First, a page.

In brief, after a lot of reading for other purposes, I found that the famous Viking Berserkers were probably using one of these plants to create their wild warrior frenzy! A lot of theories have been presented for what may have been the cause of the states of rage they entered in battle, but they all are lacking in some ways. The most popular one involves a hallucinogenic mushroom, Amanita muscaria, but the symptoms that this mushroom cause are not as similar to what records show for the berserkers as those that would be seen from one of these Solanaceae plants.
Wikimedia: Mandragora spp., tato grasso CC-by-SA-2.5
In terms of Slovenian ethnobotany, what other plants are of interest?
This is a good question, which unfortunately needs to be answered with "I don't know... yet!"
There has been some ethnobotanical research done in Slovenia, but not very much. My current research is seeking to address this through two main projects: uses of hallucinogenic plants, and uses of medicinal plants. Within both I am also seeking information specifically on the uses of these Solanaceae plants, but also more general information about other plants.
That being said, plants are used for many other things! Wood is used for carving and building, flowers are used in many rituals related to death and burial (for example), and many food crops are used. All of these aspects of ethnobotany would be interesting areas of study in Slovenia! Unfortunately, I can only do so many things at once!
Wikimedia: Hyoscyamus niger, h. zell gnu free license
What are the most exciting developments in the wider world of ethnobotany?
This depends on what most interests someone. For some people, discovery of a new weaving technique for baskets made from reeds may be the most exciting thing. In general, though, a lot of ethnobotany is linked to drug discovery.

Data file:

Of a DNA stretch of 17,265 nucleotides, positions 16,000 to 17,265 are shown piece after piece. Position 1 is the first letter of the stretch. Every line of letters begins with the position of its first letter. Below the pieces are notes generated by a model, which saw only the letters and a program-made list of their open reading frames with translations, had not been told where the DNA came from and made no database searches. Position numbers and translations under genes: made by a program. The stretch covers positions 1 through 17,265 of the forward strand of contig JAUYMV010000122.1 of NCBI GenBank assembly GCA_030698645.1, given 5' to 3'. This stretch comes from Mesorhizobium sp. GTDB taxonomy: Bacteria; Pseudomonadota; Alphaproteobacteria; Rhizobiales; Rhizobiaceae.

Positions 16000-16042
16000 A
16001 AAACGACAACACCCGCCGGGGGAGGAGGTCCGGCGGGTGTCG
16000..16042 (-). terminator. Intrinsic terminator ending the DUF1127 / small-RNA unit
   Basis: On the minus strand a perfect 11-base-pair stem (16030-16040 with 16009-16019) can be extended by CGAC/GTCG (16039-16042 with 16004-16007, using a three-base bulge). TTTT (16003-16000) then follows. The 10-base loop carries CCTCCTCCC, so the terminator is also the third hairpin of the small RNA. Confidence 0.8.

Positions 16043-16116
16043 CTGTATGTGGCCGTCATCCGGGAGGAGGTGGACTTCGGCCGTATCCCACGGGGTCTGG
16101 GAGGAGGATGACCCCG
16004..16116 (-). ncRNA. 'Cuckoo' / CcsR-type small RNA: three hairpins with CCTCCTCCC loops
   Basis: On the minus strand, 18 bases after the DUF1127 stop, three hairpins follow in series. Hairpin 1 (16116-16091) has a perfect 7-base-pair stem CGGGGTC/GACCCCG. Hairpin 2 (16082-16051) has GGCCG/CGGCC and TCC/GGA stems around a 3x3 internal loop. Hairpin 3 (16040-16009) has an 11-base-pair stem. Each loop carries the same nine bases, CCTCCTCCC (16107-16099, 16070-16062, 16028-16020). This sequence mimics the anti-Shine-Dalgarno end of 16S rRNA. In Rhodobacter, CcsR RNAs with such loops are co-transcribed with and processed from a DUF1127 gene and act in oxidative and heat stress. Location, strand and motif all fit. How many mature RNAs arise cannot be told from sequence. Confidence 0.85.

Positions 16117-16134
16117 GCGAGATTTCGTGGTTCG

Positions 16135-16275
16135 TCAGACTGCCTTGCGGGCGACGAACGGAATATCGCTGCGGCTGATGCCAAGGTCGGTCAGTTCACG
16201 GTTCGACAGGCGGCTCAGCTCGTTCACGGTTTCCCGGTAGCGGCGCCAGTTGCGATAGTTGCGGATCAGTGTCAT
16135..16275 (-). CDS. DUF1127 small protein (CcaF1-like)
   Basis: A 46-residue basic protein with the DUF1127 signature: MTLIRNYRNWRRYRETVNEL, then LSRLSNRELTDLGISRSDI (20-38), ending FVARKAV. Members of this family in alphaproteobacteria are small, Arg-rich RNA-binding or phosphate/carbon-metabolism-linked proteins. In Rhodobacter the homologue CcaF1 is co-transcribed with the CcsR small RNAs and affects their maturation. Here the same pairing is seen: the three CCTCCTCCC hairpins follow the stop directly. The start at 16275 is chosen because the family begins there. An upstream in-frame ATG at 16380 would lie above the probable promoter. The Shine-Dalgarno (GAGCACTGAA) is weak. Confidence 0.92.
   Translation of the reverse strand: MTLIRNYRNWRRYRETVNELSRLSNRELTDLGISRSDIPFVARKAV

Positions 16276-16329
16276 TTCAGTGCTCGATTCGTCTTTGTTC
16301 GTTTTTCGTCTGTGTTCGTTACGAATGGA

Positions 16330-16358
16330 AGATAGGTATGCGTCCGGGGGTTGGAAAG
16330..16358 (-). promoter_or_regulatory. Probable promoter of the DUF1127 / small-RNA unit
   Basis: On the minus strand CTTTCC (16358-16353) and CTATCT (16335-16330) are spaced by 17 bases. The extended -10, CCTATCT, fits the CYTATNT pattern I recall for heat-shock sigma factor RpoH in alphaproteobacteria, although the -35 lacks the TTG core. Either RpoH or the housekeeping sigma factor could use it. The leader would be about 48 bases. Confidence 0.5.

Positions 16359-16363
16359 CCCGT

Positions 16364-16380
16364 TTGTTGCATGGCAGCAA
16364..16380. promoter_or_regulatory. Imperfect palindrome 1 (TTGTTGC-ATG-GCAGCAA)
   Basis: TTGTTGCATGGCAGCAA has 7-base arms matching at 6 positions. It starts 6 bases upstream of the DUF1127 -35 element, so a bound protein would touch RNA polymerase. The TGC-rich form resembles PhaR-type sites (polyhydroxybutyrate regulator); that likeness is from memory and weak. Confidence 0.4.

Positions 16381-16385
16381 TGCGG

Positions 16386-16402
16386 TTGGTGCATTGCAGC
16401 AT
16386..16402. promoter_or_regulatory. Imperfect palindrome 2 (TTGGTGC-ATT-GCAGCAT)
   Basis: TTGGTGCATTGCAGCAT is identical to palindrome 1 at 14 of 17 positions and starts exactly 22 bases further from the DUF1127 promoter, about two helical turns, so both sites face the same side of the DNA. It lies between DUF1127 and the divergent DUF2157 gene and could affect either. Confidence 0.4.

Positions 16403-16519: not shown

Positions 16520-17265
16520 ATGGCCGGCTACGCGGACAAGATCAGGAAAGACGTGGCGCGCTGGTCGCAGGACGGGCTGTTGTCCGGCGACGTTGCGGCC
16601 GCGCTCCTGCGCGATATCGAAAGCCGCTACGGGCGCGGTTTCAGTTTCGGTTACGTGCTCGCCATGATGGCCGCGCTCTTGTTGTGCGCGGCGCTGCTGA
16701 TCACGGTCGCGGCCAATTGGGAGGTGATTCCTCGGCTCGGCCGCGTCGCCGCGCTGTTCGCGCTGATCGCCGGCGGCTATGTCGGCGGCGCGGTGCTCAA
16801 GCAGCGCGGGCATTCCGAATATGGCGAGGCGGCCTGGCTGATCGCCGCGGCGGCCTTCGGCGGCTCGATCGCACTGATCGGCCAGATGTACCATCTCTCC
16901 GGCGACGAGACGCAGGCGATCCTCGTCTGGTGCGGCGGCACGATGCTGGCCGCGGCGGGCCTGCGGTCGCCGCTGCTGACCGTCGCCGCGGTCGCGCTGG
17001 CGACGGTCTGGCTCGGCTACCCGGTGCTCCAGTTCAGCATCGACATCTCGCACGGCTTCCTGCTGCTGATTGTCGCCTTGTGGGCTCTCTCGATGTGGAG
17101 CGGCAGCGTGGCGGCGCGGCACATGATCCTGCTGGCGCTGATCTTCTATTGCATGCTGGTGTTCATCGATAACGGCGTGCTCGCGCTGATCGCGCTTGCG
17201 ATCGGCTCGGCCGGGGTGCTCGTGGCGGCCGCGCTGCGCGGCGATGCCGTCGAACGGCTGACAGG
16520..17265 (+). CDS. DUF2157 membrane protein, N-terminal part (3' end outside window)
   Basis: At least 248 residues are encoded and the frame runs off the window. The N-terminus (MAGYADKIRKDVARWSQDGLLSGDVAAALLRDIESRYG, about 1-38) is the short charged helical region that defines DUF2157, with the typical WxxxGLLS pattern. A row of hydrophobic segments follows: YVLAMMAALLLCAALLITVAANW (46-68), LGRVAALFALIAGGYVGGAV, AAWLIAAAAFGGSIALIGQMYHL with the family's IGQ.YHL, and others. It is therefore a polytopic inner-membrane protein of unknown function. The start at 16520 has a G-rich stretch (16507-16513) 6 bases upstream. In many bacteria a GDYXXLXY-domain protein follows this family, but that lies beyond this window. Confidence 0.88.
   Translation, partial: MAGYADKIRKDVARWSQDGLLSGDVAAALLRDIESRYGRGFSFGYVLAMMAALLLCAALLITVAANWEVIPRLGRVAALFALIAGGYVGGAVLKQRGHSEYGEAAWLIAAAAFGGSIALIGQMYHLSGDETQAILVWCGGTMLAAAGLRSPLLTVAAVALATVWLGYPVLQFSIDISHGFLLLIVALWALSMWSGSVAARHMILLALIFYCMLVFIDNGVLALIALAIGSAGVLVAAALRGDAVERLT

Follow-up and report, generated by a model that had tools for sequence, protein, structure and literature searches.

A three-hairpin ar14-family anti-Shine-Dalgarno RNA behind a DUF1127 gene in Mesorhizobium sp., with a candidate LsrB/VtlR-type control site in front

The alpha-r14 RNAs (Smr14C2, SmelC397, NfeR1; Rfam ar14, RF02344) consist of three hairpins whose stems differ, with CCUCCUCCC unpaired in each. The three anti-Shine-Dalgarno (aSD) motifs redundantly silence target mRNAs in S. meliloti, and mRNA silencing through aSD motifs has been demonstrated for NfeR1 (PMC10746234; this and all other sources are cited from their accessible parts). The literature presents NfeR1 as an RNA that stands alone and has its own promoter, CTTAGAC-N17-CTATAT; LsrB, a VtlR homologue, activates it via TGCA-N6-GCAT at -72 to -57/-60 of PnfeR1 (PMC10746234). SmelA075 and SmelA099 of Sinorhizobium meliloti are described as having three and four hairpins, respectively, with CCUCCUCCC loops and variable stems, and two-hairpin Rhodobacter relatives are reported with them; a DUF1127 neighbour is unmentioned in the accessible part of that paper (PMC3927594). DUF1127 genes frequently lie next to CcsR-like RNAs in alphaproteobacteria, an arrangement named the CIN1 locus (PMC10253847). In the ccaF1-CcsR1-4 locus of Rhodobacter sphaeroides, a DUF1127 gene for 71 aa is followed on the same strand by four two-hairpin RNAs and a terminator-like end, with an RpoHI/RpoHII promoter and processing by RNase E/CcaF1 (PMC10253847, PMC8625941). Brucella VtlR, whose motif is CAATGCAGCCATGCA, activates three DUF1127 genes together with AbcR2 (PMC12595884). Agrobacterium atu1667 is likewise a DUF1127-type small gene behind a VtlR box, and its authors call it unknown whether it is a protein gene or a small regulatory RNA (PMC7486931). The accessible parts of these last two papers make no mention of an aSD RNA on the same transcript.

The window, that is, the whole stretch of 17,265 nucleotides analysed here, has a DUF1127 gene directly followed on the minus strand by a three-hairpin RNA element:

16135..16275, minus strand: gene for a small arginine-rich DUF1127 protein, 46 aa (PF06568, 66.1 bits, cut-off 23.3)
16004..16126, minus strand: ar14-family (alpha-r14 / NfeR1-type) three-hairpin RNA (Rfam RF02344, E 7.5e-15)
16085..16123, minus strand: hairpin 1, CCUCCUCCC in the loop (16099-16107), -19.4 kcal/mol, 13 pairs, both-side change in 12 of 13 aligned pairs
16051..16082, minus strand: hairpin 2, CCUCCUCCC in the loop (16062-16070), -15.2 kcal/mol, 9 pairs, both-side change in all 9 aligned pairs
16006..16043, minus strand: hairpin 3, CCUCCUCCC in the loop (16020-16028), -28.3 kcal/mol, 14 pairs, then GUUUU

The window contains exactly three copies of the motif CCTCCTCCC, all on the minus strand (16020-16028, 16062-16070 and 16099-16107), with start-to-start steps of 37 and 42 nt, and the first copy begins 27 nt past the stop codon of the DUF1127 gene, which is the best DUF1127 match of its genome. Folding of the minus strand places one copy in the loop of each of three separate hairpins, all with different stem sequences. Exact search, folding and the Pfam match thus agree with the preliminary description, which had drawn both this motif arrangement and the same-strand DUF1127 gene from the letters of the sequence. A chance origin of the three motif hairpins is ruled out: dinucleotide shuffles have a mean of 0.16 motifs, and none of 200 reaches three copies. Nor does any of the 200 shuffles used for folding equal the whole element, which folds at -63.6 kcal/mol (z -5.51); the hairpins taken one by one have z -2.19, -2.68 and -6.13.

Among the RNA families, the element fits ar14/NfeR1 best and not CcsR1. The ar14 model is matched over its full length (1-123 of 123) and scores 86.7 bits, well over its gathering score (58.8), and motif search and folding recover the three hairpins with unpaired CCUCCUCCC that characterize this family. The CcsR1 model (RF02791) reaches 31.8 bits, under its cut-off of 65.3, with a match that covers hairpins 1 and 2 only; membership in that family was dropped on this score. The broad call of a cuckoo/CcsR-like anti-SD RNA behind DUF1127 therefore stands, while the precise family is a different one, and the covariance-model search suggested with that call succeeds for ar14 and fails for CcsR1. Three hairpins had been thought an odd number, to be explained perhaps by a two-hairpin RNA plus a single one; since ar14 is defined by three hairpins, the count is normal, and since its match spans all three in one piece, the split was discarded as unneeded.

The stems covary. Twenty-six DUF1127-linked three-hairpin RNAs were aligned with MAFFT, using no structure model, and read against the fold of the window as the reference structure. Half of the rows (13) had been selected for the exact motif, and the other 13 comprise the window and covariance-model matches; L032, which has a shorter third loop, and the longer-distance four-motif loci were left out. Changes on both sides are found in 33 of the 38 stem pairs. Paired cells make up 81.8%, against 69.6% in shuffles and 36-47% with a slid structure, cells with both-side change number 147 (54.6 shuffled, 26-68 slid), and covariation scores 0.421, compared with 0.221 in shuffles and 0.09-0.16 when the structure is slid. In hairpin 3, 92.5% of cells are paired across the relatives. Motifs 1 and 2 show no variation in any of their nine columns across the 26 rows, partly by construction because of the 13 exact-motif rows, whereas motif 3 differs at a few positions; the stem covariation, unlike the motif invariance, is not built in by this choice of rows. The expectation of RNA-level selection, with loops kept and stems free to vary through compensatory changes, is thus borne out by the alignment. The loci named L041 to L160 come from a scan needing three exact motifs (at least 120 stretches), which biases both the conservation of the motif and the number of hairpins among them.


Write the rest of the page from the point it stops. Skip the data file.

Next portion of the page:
Many medicines that we use today are actually from (or at least were first discovered in) plants. So many of the great discoveries of ethnobotany involve seeing medicinal plants being used and then isolating the active ingredients to see what substances may be responsible for their medicinal effects. This is where the line between ethnobotany and pharmacy begins to blur. So even though we cannot directly study ethnobotany in Slovenia, there is a great biological pharmacy department that teaches the pharmaceutical side of things. As a doctoral student though, things get more flexible. I am technically a student at the biotechnical faculty studying biology, but my mentor is a professor at the faculty of pharmacy in this department. People can also specialize in ethnobotany by studying anthropology (that's exactly what my bachelor’s degree was in), but a background in botany is also very important in this case.
Wikimedia: Scopolia carniolica, flobbadob, CC-by-0
Where can people follow your work?
The best way to do that is probably my Research Gate profile, where I put up articles that I have published. There are only a couple there now, but I have quite a few going through the publication process now, so hopefully soon there will be lots of interest there.